Business model which works by charging the first client a fee for a service, while offering that service free of charge to subsequent clients.

  • Franchise

Franchising is the practice of using another firm’s successful business model. For the franchisor, the franchise is an alternative to building ‘chain stores’ to distribute goods and avoid investment and liability over a chain. The franchisor’s success is the success of the franchisees. The franchisee is said to have a greater incentive than a direct employee because he or she has a direct stake in the business.

  • Freemium business model

Business model that works by offering basic Web services, or a basic downloadable digital product, for free, while charging a premium for advanced or special features.

Other examples of business models are:

  • Auction business model
  • All-in-one business model
  • Chemical Leasing
  • Low-cost carrier business model
  • Loyalty business models
  • Monopolistic business model
  • Multi-level marketing business model
  • Network effects business model
  • On-line auction business model
  • On-line content business model
  • Premium business model
  • Professional open-source model
  • Pyramid scheme business model (Illegal)
  • Razor and blades business model
  • Servitization of products business model
  • Subscription business model

Into 2000 and hay ho we are all making good money but we are also through those that are 55 upwards on to the scrap heap the knowledge is disappearing with the bath water. Then 2005/6 the price of Oil went through the roof and pop, the bubbles her in Ireland went with an almighty bang.

So Baby Boomers yep we have gained the knowledge and it’s time to fight back use that knowledge the Richard Grehalva talks a lot of sense. Some quotes from the book and a few of his points.



Did you know that the next business to be launched will not be from a 20-something, but more than likely it will be someone over the age of 55?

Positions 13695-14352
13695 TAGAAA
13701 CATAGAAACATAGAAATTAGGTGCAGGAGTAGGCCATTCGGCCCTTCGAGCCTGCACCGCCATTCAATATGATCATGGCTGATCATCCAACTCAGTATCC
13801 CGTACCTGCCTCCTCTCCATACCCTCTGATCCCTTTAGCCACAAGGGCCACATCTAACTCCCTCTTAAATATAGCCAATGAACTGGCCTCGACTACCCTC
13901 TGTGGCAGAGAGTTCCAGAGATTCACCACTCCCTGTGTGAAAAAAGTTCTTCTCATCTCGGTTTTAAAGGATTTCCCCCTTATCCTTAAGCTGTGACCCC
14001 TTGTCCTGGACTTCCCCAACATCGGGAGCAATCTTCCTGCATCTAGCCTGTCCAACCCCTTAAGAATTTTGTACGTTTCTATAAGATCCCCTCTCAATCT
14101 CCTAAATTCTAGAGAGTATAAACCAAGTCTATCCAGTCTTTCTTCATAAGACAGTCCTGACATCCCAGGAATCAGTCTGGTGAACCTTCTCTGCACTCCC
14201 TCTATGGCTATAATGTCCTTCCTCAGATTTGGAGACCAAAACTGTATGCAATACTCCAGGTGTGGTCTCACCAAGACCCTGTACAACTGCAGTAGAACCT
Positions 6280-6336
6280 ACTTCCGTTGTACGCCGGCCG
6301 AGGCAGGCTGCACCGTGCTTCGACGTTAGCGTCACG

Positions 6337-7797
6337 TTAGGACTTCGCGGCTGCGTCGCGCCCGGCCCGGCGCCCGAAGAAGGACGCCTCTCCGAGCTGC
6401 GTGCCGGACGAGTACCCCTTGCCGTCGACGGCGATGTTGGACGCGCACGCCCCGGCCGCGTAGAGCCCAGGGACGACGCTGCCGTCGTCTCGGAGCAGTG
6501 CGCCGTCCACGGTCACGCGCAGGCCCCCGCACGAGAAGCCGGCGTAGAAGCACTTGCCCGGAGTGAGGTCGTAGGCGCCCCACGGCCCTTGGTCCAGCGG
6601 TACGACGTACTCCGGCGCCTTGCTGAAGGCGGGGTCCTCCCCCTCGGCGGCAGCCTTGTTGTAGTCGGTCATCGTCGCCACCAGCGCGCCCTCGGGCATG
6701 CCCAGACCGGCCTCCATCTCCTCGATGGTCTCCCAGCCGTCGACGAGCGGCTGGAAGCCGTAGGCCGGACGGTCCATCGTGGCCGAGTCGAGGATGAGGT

According to the research done by the Kauffman Foundation:


“In every single year from 1996 to 2007, Americans between the ages of 55 and 64 had a higher rate of entrepreneurial activity than those aged 20-34.”


The Bureau of Labour Statistics data shows self-employment as an even more extreme pattern. The rate of self-employment is higher among people in their 60s than even those in their 50s, let alone those in their 20s or 30s. In fact, the bureau’s surveys of American workers reveal that people aged 65 to 69 are self-employed heads of corporations at four times the rate of people aged 25 to 34.


The Small Business Administration reports in its recently released publication Small Business Economy that, from 2000 to 2011:

- Self-employment for people under 25 dropped 9 per cent.

- For people aged 25 to 34, it fell 8 per cent.

- For people between 35 and 44, it declined 24 per cent.


Here is the big news!

The Boomerpreneur Revolution


- Self-employment for people aged 55 to 64 rose 54 per cent!

- It increased 36 per cent for those over 65.

Okay, you get the picture now. More than ever, baby boomers are becoming entrepreneurs… Boomerpreneurs.

Richards Grehalva 5 Principles of Change


Principle Number 1 - Change means — you have to take action immediately.

Now you’re saying to yourself, “d’uh,” Take action.


Principle Number 2 - Change means — you have to change

your thinking. I know you’ve heard this one before: “If we keep thinking the same

way, we will get the same results,”


Principle Number 3 - Change means – you have to change your environment.

The environment that I’m talking about is the one inside your mind.


Principle Number 4 - Change means – you have to change your focus. You know what Steve Jobs did when he returned to Apple? Focus. He eliminated 350 products to focus on 10. He removed the clutter.


Principle Number 5 - Change takes time. Stick with it and each day is better than the day before.



Graham Royce


- I have begun take action.

- I have changed the way I think.

- I am changing my environment.

- I have changed my focus.

- I also accept that change takes time.

As I said at the start I am 61 I have the network of well establish business people I think I have a track record that’s worth something and I don’t charge for the help I give through the various business start-up programmes I have worked on and with since 1995.

This will change after reading this book in the near future.